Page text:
This is a special post from Jason at Frugal Habits.
Anyone who has experienced the pressure of excessive credit card debt or the stress of paying bills they can’t afford, usually can point back to a series of bad financial decisions that they wish they could take back and have a ‘mulligan’ on.
Many times it isn’t one decision that caused all the mess, but a series of decisions that when combined together, created the nightmare they now find themselves in… In this post I am going to identify the 5 most common bad financial decisions that anyone can make, but will subsequently hammer you with debt and trap you into ‘debtor’s prison.’
Buying a house that makes you ‘house poor’
I love the show “house hunters” and even enjoy looking at houses I have no intention of ever buying – so I understand the temptation to max out your budget when going ‘all in’ on a house.
In western culture the idea of being a homeowner is dangled ‘like a carrot’ for those who are not ready to purchase a home or can’t afford it. Many times lenders and realtors will push you to buy more, borrow more, and subsequently become trapped into being ‘house poor’ without realizing it. (both almost happened to me)
Being house poor doesn’t necessarily mean you will get into debt, but it does make it much more likely as you will be maxed out on your budget, and any new unforeseen expense could put you over the edge.
Buying or Leasing a car that blows your budget
My wife loves fancy cars… don’t get me wrong, I do too – but I can live without them in exchange for something else (like a new tri-bike). If you’re a car lover and really long for that ‘luxury model’ sedan or decked out truck – you’ll have to focus really hard on this one.
Buying that new car can really put you at risk of being hammered with debt. Most new cars now a days can easily cost $500 a month when financed. Which is the same as a 1 -2 vacations to Hawaii every year – so be mindful. I recommend buying used and only when you absolutely have to.
Vacationing on Credit Cards
Speaking of vacations, they are fantastic! They are good for the soul and provide that relaxing time away from the busyness of life… I for one enjoy living like a millionaire when I’m on vacation, so I especially have to be careful of this one.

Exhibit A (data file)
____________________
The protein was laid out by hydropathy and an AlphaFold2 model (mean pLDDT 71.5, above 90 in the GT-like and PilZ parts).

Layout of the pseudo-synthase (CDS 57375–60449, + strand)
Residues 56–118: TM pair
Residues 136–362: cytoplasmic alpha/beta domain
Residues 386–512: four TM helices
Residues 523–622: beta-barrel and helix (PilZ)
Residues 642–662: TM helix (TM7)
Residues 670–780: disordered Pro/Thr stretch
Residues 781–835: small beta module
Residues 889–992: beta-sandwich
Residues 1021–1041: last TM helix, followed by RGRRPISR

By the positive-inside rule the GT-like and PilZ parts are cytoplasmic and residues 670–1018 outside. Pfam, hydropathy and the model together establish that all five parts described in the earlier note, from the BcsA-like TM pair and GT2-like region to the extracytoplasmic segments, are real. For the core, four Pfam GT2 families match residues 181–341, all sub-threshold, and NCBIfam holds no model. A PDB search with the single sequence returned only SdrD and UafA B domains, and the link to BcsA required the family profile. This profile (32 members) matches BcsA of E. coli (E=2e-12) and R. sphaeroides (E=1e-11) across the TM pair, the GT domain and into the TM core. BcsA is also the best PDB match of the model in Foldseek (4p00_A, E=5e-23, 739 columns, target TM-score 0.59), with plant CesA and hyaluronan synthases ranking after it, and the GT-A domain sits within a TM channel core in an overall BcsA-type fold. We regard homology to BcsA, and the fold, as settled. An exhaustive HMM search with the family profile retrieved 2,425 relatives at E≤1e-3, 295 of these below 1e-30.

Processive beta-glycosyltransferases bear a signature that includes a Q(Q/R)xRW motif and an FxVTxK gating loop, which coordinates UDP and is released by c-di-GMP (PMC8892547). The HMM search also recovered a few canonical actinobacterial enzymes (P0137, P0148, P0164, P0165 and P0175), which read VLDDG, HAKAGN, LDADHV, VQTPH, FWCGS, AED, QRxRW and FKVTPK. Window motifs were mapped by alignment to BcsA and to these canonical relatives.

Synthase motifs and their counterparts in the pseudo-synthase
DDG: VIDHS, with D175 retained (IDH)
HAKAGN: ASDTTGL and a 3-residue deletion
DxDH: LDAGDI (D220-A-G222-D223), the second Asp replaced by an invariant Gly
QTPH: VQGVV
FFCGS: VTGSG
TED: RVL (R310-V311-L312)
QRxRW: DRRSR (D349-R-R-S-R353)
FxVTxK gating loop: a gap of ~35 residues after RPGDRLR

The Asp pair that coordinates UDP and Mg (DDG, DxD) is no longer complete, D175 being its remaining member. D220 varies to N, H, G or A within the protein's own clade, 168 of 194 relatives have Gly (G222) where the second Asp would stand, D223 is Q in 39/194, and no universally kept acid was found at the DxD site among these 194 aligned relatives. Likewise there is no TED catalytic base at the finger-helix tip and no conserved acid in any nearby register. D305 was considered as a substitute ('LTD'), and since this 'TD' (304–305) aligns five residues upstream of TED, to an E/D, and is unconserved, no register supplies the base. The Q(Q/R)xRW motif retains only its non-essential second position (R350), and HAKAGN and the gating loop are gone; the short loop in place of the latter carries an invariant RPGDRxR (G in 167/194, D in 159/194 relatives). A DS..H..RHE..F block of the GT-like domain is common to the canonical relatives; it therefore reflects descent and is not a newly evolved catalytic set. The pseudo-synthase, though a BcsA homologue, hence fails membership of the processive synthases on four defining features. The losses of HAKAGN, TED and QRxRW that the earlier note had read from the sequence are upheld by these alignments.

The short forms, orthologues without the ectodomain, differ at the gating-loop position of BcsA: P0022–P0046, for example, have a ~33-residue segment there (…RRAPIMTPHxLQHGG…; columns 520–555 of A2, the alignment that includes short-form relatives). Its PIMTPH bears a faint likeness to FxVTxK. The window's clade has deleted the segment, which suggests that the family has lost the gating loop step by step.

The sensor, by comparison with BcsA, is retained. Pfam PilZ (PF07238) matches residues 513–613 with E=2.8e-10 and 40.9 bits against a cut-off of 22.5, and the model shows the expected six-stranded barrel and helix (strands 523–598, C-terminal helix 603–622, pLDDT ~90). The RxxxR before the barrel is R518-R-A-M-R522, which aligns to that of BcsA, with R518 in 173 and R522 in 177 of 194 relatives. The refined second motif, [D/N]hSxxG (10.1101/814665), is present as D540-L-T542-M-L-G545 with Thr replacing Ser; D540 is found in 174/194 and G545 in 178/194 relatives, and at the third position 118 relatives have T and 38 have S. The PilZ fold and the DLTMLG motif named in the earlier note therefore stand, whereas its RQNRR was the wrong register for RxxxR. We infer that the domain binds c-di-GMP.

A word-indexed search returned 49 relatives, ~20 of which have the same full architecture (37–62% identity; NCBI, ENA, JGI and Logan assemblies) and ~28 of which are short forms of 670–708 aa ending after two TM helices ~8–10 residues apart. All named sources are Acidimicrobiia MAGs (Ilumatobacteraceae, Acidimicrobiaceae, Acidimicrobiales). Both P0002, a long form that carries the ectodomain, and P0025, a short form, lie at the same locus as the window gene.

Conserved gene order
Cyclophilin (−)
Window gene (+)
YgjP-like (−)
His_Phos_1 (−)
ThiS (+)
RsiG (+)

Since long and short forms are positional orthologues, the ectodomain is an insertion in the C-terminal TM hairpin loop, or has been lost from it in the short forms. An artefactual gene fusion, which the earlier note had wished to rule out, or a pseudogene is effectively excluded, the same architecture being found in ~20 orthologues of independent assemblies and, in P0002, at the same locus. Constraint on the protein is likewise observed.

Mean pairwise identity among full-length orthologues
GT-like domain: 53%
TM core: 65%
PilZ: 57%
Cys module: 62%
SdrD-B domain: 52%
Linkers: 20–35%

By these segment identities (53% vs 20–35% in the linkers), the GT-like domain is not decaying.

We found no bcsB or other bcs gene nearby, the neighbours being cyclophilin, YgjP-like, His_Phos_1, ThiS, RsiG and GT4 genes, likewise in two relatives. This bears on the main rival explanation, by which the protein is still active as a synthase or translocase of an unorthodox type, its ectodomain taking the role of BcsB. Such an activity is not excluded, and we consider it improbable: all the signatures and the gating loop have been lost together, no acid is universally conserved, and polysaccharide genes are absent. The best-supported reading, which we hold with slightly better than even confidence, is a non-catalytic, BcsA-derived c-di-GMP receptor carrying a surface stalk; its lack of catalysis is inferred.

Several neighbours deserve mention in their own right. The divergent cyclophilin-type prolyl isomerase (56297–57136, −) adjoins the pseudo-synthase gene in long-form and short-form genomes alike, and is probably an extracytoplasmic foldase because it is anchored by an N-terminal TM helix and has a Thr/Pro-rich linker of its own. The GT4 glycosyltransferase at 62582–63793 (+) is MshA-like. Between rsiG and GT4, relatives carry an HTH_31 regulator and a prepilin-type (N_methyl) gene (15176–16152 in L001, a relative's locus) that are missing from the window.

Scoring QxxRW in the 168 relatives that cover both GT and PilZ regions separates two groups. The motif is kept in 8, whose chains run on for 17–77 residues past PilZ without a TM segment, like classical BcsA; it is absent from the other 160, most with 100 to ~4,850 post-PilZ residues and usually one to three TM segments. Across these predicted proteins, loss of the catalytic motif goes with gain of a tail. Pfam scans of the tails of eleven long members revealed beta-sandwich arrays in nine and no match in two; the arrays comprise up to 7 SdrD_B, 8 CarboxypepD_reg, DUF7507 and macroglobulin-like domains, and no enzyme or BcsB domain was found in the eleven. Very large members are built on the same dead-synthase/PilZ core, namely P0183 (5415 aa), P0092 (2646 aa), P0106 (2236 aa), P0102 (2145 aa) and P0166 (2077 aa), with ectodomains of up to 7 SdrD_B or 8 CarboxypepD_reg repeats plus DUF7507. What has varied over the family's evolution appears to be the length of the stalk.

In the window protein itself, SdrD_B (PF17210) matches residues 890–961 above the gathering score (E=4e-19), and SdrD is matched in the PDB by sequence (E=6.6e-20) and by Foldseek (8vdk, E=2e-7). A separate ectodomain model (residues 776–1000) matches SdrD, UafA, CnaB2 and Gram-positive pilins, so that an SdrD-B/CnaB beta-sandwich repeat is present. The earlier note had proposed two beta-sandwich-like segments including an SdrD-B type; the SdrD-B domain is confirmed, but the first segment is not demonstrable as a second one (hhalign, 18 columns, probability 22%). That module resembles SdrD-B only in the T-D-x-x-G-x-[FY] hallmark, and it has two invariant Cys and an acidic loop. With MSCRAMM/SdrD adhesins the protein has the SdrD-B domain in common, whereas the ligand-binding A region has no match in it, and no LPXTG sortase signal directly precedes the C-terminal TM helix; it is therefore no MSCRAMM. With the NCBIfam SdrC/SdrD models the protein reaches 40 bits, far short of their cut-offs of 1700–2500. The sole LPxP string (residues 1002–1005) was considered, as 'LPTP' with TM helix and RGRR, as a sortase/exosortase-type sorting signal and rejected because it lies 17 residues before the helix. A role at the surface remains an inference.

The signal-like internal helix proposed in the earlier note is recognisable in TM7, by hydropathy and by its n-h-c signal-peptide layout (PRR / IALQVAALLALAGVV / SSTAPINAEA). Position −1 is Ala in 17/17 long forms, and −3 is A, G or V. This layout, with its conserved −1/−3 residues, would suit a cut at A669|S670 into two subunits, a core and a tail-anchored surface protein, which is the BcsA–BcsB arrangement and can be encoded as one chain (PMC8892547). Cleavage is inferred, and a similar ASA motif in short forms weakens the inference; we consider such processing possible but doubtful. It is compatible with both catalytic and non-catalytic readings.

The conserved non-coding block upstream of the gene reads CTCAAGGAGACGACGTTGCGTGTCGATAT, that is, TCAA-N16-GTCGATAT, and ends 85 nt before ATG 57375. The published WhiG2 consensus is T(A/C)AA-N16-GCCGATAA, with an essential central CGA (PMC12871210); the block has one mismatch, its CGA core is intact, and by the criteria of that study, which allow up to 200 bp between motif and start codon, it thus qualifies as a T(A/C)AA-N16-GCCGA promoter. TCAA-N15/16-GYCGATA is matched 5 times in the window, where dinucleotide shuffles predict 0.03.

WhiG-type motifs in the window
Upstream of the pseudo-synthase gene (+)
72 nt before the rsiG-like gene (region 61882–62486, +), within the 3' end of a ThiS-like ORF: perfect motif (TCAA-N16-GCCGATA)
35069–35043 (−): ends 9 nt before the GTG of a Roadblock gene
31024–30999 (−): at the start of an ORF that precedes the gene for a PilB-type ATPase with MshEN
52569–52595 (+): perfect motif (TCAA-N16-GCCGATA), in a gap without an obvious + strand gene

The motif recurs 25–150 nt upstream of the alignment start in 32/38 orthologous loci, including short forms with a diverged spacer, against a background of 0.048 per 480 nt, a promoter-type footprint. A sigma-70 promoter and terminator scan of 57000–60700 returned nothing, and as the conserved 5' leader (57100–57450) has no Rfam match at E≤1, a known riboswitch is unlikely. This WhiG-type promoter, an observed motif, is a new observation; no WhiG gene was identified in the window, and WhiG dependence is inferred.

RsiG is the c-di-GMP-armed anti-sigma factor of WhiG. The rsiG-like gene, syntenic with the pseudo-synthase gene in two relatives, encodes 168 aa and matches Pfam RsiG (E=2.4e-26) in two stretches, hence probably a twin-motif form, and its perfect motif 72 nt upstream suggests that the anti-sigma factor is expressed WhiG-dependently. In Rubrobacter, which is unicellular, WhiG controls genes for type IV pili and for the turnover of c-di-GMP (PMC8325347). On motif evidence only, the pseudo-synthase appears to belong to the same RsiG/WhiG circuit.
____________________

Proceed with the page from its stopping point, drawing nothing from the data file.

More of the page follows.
Using credit cards to pay for vacations is not advised, but is a common method for people to enjoy that time away. Instead of using your credit card, create a travel fund and contribute to it throughout the year to pay for that great vacation. You’ll enjoy the vacation so much more, and not feel guilty afterwards.
Overdoing it on Toys and Electronics
Toys, Toys, Toys – we all love toys… Maybe its a new flat screen TV, wave runner, or Coach purse. These purchases are not a necessity and are essentially ‘fat’ in your financial budget. A little fat is ok from time to time if it is not putting you into debt, but beware of the consequences of these purchases. You certainly don’t want to use your credit card to buy any of them.
Not funding your Emergency Savings
Lastly, it is vital you create and contribute to an emergency savings. This is my safety net for those unforeseen expenses that we all experience in life… It may be that last minute flight you have to purchase, a fix to your car you weren’t expecting, or your old computer died and must be replaced – an emergency savings account will cover all of these and keep you out of credit card debt.
Yes, these events happen to us all, but in order to stay on your budget and not go into debt – you will need this emergency savings. For me, my emergency savings is the number one reason I can stay on a budget and not get into credit card debt.
So there you have it – what bad decisions are you aware of, or perhaps made yourself along the way and can now look back and share?
Jason Clayton is the founder of Frugal Habits – a personal finance blog about eliminating debt, saving your cash, and giving generously. When not enjoying time with his beautiful wife and two daughters – Jason enjoys the great outdoors, reading a new book, traveling the globe, triathlons, and a good cup of coffee.
Image by Vectorportal/flickr
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